Working Paper No. 932

A Gubernatorial Helping Hand? How Governors Affect Presidential Elections

Published: October 10, 2012Pages: 19Keywords: Presidential Elections; Regression Discontinuity Design; Electoral BalancingJEL-codes: H00
Published version

A Gubernatorial Helping Hand? How Governors Affect Presidential Elections Robert S. Erikson, Olle Folke and James M. Snyder, Jr.

It is commonly argued in the media that a presidential candidate will be helped in a state by having a governor of the same party in office. However, there is little research to support this claim. To address this question we use a regression discontinuity design. The basic idea behind this is that in very close elections the party of the governor is decided essentially by a coin flip. Focusing on these very close elections therefore allows us to estimate the causal effect of gubernatorial party control. We show that a presidential candidate is not helped, but in fact hurt, by having a governor from the same party. On average, winning the governor’s election leads to a 2–3 percentage point reduction in a state’s presidential vote share in the following election. Using a similar methodology, we also show that voters punish the presidential party when voting for governor in midterm years. Having established these relationships, we explore why this is the case. One possible explanation is a variation of the ideological balancing argument, whereby voters’ choices for one office are conditional on which party holds office at a different level.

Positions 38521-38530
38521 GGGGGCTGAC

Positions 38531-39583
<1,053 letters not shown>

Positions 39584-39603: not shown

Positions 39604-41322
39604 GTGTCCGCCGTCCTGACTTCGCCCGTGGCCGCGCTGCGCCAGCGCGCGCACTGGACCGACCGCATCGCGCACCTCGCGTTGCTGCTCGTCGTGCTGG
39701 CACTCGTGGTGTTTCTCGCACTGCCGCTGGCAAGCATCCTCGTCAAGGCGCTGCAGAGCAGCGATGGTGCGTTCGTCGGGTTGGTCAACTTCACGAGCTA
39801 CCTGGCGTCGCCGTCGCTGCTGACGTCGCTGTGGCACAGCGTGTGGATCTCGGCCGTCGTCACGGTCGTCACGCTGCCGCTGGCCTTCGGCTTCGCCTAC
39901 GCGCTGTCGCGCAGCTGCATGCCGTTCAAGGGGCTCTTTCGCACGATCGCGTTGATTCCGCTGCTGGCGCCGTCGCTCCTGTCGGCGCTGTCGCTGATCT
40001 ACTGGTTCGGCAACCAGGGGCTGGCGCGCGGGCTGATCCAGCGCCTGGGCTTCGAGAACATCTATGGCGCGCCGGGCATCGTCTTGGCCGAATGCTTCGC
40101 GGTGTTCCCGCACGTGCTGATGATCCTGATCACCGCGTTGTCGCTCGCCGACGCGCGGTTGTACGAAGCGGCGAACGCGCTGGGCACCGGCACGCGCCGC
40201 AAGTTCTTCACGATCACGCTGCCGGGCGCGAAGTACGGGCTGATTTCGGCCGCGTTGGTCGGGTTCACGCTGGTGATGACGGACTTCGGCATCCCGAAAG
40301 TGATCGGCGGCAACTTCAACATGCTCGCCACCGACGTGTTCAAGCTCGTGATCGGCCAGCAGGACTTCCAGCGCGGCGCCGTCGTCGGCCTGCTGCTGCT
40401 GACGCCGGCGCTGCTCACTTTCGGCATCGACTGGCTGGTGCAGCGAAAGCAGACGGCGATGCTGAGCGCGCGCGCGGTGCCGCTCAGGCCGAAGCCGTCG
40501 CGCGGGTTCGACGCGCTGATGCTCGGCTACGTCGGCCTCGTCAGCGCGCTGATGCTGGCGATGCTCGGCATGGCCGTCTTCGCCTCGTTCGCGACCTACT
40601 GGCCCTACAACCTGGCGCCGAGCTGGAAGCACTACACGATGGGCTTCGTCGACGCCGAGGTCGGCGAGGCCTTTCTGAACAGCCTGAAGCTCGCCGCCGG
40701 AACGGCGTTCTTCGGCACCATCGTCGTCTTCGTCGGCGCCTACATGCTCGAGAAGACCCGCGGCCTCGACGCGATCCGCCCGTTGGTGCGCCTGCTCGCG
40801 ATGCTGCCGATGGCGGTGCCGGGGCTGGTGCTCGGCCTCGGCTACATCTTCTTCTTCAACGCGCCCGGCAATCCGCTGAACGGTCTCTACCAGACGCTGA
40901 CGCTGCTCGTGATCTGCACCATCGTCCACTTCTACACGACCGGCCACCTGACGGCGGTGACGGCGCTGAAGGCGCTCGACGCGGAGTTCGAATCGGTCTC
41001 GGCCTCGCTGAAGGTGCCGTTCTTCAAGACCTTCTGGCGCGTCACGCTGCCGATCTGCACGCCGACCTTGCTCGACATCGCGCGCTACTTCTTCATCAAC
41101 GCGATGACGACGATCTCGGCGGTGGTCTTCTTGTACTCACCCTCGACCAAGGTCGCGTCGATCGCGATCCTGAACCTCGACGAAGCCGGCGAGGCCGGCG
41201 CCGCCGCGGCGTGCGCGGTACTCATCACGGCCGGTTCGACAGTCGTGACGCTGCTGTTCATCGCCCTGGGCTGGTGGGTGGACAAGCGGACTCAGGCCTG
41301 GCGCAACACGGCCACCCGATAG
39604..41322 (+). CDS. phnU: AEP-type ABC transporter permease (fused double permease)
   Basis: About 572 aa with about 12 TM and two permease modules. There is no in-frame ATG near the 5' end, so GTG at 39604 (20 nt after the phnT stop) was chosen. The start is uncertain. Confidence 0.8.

Olle Folke


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Sick of Inequality?

An Introduction to the Relationship between Inequality and Health

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In this book Andreas Bergh, Therese Nilsson, IFN and Lund University, and Daniel Waldenström, IFN and Paris School of Economics, France, review the latest research on the relationship between inequality and health. What does inequality mean for our health? Does increasing income inequality affect outcomes such as obesity, life expectancy and subjective well-being?


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